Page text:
When I was a child, I wanted to be Smokey the Bear when I grew up. I don’t really remember why, but looking back, I can see that Smokey’s story contains many of the elements that move me the most. Like Bambi, Smokey had a tragic childhood. His mother was killed in a forest fire. He lost his home, his friends. That is assuming, of course, that bears have friends. I like to think of baby bears, bunnies, squirrels, and fawns frolicking together in a sunlight dappled glade in the forest. In reality, if a bear saw a fawn, rabbit, or squirrel, his thought was probably not, “Look mama bear. New friends. Can I go play with them? ” Instead, cute little fuzzy baby bear was probably thinking, “Mmm…lunch.”
My mother, Audrey, was, in fact, not killed in a forest fire when I was a child. She is still alive and kicking, despite several frightening episodes with her heart not beating too regularly. My mother didn’t die and I didn’t frolic in the forest with my animal friends, but I still felt drawn to the little bear in the big hat with the story that often brought me to tears.
I had a book about Smokey, and I read it a lot. I probably knew the story by heart, but I really liked the pictures, too. I remember that in most of the pictures, Smokey was wearing pants. And in some, his paws were bandaged because the forest fire that killed his mother had also burned his little paws. Poor baby bear. I am kind of a klutz in the kitchen and always have been, so I could relate to the burned paws. As a child, and even now, I often have burned paws, too. I remember once, as a young adult, I saw an actual photograph of Smokey, taken in his pen in the Washington Zoo shortly before he died. I remember being surprised to see that he looked like a real bear. Where were his pants?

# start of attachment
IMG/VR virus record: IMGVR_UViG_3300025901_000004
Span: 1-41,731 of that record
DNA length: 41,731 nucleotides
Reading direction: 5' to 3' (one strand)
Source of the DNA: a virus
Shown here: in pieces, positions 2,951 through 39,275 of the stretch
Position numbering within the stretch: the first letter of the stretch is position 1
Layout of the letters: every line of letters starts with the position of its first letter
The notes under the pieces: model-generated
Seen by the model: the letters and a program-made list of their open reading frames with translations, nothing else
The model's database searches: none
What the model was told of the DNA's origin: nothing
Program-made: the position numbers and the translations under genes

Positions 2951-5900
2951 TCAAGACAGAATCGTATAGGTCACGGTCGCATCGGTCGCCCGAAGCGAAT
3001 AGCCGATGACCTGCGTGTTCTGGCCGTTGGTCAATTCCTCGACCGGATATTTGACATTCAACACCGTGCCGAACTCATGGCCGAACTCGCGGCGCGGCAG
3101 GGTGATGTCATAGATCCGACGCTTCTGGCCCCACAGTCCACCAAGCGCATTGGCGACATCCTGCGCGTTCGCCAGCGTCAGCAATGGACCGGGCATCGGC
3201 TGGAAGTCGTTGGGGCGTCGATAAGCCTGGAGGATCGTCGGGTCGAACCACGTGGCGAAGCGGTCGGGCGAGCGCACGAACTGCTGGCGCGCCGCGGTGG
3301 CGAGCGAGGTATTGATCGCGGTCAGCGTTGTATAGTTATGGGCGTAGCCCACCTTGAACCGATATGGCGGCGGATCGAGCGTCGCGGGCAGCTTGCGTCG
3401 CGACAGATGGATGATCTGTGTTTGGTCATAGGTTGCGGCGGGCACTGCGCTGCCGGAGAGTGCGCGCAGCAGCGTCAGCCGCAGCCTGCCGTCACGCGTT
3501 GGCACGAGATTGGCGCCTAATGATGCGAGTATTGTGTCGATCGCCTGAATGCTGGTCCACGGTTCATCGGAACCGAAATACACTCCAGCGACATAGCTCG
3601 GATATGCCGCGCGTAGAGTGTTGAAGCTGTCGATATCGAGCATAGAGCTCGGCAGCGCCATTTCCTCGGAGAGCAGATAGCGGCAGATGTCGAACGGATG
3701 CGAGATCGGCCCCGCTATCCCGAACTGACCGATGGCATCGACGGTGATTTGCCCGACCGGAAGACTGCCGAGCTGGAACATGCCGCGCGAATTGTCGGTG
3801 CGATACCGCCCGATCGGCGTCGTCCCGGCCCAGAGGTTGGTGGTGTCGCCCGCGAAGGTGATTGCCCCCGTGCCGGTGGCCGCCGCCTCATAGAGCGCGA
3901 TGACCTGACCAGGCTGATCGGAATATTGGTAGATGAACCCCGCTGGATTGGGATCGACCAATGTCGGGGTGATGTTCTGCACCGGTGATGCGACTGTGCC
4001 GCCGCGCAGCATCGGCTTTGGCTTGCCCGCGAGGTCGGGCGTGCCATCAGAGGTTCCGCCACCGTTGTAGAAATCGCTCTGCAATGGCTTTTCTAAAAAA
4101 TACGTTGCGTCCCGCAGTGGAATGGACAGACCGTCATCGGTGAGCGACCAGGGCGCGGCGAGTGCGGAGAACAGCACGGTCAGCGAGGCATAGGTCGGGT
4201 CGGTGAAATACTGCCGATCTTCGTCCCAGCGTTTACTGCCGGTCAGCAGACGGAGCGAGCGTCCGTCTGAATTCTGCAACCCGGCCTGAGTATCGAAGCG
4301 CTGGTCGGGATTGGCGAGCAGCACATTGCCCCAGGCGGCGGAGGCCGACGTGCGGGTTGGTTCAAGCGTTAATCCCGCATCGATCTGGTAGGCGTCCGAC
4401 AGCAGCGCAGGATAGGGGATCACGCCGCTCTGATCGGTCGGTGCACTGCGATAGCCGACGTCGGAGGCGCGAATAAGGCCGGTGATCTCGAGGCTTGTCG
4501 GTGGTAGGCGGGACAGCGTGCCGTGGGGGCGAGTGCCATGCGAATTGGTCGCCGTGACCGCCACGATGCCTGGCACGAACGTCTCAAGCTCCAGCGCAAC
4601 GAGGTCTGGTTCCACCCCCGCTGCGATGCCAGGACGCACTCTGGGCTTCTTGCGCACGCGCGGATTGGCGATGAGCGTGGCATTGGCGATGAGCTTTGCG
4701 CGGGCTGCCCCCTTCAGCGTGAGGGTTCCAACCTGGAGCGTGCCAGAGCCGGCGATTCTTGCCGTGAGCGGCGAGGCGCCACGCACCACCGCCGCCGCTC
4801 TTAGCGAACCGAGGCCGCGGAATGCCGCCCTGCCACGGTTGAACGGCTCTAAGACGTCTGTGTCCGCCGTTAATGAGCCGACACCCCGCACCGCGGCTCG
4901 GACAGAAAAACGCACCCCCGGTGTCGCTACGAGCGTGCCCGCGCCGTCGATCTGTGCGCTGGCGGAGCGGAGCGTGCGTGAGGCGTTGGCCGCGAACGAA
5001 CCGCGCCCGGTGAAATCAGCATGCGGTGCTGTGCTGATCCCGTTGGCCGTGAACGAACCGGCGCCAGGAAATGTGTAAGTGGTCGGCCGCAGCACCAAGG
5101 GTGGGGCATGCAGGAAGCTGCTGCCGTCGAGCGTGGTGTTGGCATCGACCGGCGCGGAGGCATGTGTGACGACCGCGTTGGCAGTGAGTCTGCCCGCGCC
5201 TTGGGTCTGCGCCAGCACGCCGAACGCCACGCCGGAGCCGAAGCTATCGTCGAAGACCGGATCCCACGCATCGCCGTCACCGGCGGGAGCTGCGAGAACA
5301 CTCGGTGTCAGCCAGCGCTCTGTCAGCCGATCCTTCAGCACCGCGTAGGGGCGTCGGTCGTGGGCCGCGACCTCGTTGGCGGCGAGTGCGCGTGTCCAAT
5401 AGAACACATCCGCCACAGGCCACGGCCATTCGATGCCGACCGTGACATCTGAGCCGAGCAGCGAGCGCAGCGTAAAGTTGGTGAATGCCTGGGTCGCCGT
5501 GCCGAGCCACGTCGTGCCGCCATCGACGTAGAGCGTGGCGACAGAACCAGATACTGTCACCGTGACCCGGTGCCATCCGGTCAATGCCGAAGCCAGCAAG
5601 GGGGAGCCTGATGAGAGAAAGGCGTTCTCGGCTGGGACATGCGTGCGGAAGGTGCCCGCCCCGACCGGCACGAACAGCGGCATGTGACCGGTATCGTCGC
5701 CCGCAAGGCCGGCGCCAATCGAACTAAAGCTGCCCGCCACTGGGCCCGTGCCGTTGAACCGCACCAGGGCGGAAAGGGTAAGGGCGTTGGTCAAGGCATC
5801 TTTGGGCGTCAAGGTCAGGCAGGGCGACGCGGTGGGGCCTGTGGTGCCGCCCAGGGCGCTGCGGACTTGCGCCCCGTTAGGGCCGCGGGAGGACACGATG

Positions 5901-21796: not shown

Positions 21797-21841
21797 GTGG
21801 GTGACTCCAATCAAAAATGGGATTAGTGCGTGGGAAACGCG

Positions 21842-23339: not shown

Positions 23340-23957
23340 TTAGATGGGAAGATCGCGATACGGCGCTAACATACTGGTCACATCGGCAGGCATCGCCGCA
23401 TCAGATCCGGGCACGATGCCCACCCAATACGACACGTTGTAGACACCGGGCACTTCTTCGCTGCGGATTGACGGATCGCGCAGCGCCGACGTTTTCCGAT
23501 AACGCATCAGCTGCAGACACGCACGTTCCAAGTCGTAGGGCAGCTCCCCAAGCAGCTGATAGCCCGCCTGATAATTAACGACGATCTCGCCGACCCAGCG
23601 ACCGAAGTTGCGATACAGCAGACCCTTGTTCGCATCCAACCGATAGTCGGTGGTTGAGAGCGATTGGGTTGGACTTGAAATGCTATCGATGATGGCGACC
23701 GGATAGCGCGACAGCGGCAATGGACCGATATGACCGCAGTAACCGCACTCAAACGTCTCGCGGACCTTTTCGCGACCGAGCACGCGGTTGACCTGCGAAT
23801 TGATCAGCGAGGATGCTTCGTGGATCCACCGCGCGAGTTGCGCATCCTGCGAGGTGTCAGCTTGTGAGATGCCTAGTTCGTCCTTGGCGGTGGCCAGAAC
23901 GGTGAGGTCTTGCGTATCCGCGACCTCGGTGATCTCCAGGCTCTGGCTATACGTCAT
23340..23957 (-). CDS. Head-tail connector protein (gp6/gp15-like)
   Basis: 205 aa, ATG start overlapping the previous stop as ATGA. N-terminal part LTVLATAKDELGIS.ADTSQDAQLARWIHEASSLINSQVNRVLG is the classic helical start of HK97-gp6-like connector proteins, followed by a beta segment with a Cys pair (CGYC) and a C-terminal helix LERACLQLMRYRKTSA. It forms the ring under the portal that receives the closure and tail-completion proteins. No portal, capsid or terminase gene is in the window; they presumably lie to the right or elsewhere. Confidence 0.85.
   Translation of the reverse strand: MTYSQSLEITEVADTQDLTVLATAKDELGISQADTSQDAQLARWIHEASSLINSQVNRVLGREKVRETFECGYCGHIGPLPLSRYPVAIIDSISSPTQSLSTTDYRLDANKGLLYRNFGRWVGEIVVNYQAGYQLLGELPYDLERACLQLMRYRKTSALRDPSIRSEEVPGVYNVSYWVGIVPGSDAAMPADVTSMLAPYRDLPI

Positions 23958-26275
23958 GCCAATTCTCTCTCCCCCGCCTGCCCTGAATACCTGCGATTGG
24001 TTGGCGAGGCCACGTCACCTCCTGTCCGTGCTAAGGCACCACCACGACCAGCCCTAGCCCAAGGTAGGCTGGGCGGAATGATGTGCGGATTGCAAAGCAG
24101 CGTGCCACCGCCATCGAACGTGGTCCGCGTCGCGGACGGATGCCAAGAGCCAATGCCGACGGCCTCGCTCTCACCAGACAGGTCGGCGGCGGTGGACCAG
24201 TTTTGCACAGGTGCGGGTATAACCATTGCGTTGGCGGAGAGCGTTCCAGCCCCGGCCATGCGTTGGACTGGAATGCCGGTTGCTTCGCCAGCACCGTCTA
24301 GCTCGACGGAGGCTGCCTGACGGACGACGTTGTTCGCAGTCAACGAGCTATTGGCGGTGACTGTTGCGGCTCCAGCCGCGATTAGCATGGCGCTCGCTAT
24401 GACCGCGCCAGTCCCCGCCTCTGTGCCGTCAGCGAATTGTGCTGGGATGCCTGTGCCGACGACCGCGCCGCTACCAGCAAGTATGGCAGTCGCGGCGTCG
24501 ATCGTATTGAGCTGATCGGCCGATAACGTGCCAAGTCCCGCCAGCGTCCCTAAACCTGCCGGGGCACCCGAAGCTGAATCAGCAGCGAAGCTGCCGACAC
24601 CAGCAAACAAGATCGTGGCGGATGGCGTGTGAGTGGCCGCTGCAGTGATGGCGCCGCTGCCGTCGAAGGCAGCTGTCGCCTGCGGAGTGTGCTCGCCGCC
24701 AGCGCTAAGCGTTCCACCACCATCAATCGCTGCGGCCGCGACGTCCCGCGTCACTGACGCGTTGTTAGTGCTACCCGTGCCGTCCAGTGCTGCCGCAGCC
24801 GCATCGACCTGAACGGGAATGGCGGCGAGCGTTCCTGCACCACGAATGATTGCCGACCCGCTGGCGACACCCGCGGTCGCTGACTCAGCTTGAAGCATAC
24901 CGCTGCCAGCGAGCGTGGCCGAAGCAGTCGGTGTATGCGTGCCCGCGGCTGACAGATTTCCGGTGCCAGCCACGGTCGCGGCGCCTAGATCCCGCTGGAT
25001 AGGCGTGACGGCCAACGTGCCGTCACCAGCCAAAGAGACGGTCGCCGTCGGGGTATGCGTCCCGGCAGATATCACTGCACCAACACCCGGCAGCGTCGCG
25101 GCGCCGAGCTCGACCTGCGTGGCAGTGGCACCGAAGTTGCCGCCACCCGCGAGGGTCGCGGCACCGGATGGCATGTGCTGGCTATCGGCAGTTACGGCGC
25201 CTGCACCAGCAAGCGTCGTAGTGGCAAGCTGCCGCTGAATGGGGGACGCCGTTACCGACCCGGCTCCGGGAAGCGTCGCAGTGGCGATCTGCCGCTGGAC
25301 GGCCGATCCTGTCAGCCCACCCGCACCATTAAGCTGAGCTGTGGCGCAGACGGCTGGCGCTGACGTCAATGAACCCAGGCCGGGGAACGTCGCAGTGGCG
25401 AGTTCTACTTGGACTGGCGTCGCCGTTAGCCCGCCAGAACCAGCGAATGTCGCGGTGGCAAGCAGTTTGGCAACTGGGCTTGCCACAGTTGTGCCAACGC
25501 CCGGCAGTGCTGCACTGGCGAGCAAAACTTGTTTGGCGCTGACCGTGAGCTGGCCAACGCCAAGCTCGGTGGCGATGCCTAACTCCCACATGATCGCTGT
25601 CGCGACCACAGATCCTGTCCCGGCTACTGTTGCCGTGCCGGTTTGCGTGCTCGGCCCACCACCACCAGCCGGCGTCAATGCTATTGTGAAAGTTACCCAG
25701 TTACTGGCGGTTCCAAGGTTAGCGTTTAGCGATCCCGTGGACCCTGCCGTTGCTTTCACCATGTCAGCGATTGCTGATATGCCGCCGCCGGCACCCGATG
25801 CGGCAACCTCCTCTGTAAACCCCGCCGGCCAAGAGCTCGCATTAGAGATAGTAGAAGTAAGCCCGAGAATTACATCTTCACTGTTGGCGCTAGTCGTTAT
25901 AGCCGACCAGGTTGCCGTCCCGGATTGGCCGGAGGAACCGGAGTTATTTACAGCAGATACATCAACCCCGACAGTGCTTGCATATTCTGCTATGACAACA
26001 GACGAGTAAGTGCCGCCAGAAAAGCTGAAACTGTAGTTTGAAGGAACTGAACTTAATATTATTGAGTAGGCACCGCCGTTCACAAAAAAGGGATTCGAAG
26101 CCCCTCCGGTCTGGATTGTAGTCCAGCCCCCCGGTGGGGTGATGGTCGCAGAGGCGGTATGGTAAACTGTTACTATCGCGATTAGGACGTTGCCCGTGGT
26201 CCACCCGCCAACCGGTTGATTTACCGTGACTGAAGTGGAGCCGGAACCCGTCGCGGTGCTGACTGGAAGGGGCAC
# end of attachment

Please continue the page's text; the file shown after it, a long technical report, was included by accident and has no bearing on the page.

By now, you’re probably thinking, “What does this have to do with trust? Are you going to tell us that you learned about trust from a pants-wearing bear?” My answer is yes and no.
For me, Smokey played the role of the invisible friend when I was a child. He was the one I told my deepest secrets, the one who, because I was actually playing his role too, always agreed with me, always reassured me, and never laughed at me, however outlandish my ideas or fears. In that way, Smokey did teach me to trust. He, or at least my idea of him, taught me how to trust myself. He taught me how to dream and how to take risks, even if most of the risks I took as a child were in my imagination. Even now, I have a stuffed Smokey that sits on a shelf in my office to remind me to persevere when things get tough, to challenge myself when my inclination is to take the easy way out, to always do and be my best. Important lessons for all of us, don’t you think? We all learn these lessons from many sources: wise mentors, life experiences, books, movies, teachers, colleagues, friends and family. But maybe, some of you, like me, learned them from a little bear with scorched paws, sad eyes, and little denim pants. Thank you, Smokey.